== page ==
Navi Mumbai International Airport
Navi Mumbai International Airport is a proposed greenfield international airport, to be built in the Kopra-Panvel area of the Mumbai Metropolitan Region in India. The airport is being built through public-private partnership (PPP). The yet to be chosen private sector partner will hold 74% equity while the Airports Authority of India (AAI) and the Government of Maharashtra (through CIDCO) each holding 13%. The airport project, aimed at easing Mumbai's air traffic congestion, has been delayed due to property disputes. Its first phase was supposed to be operational by 2014, but that deadline will not be met.
The sea – shore land required is about 11.4 km² for the core airport activity and will have two parallel runways each 3700 metres long. It is to be located on highway NH 4B near Panvel, about 35 km from the existing Chhatrapati Shivaji International Airport . The International Civil Aviation Organisation (ICAO) has already given clearance to the Navi Mumbai airport on technical parameters. The Airport construction is at global tendering stage.
The cost of the project, which is being developed through the public-private partnership route, is estimated at 52.6 billion (US$960 million). The airport will have a terminal area of 250,000 m² and a cargo area of 100,000 m² and handle 50–55 million passengers annually. The site of airport is located in an area of 9.5 km² accommodating two parallel runways for simultaneous and segregated parallel operation with provision of full length taxi ways on either side of the runways. The airfield has been designed to accommodate the new large aircraft compatible to aerodrome code 4-F.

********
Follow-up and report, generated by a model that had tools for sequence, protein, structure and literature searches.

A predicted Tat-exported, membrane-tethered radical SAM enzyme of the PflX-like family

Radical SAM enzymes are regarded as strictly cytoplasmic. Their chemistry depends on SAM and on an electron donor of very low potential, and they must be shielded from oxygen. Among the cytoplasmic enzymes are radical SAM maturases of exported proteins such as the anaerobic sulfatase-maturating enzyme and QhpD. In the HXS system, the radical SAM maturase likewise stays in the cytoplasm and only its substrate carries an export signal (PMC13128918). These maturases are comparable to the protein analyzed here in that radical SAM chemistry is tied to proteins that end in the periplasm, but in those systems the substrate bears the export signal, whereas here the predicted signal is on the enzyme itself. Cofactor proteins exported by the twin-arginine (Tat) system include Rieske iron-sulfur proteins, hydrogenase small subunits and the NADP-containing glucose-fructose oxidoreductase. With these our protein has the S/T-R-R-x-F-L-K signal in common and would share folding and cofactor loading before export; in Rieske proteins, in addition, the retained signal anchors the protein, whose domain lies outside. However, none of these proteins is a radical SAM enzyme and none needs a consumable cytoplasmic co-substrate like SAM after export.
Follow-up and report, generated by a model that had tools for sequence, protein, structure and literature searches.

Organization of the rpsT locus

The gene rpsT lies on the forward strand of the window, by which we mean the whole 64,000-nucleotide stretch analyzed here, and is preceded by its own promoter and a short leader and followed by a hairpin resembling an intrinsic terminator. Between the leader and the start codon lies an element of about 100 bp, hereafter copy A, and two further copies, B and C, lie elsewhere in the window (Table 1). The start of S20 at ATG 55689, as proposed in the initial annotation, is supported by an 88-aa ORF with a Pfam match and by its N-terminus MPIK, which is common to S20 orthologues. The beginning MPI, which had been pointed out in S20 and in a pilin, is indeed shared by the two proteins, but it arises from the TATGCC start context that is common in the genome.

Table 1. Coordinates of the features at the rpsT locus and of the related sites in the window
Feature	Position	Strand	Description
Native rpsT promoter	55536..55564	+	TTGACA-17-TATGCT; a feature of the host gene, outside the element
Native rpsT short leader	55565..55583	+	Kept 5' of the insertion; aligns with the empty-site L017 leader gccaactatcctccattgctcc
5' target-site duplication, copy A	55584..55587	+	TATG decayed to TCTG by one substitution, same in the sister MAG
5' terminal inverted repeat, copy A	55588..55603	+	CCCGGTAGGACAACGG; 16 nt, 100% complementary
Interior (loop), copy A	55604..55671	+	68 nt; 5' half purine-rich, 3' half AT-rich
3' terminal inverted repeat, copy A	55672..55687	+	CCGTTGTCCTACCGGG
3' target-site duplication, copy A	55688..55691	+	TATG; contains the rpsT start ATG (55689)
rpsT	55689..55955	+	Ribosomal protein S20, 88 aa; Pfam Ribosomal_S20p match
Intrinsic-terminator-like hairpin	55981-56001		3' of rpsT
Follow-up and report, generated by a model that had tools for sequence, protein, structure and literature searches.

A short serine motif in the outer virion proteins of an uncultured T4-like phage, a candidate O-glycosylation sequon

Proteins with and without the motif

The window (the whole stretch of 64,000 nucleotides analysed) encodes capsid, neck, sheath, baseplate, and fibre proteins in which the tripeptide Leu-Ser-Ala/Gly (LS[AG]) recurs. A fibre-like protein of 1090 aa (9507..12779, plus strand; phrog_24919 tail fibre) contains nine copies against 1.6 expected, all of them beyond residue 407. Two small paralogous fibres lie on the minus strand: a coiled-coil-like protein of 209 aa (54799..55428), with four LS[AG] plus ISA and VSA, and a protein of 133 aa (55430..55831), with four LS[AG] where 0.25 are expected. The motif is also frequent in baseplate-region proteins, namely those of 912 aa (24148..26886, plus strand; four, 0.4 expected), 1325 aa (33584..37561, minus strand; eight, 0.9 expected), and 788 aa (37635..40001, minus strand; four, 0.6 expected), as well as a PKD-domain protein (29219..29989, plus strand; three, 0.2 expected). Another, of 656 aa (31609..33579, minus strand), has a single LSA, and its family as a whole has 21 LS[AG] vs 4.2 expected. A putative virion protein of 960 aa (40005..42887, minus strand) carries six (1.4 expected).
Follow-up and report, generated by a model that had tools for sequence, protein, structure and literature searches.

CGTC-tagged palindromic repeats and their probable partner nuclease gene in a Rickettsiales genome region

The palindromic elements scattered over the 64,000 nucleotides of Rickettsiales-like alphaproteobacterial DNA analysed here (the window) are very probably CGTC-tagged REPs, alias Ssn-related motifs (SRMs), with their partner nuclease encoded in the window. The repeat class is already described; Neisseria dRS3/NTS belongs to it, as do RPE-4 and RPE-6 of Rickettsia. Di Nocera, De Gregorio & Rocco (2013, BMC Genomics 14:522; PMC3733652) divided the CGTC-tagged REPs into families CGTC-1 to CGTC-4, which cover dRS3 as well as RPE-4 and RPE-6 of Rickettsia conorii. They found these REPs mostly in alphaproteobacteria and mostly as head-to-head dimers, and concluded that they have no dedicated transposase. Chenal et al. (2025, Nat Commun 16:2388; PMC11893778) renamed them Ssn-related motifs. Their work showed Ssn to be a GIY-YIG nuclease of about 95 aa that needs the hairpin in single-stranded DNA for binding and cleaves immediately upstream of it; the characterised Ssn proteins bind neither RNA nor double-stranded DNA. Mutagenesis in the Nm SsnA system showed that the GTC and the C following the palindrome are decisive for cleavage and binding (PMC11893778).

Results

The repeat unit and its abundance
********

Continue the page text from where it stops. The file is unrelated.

The new airport will cater to 10 million passengers a year in its initial phase (end-2014), 25 million by 2020, 45 million by 2025, and 60 million by 2030, according to CIDCO.
The site had several environmental problems in dealing with mangroves and rain/storm water drains in Panvel. There is an NGO fighting government agencies regarding Panvel. The ministry of environment and forests (MoEF) gave its clearance for the Navi Mumbai international airport on 14 May 2008. The environmental ministry finally cleared the project on 23 November 2010.
The airport will have a total area of 1160 hectares. National Highway 4B will provide the main road access to the airport from the east, whereas the Aamra Marg will allow access from the west. The planned Sewri-Nhava Sheva Trans Harbour Link will connect the airport with Mumbai. The new airport will have a 10-lane approach road to its terminal building flanked by its two runways.
The airport is to have two parallel runways, 3,700 m long, 60 m wide and spaced 1,550 metres apart (ICAO minimum requirement is 1090m). The runways will be connected to the apron by taxiways with the approach road to the terminal passing underneath. The airport will be able to host new-generation aircraft like the Airbus A-380 and Boeing 747-8.
The terminal building will cover over 5,23,000 sq meters. The two terminal buildings will have a total of 350 check-in counters. There will be three curbs each on the north and south sides. The level one curb will be dedicated to commercial vehicles, the second will be for arrivals and the third for departures.
The main terminal building will have five levels, including two mezzanine floors.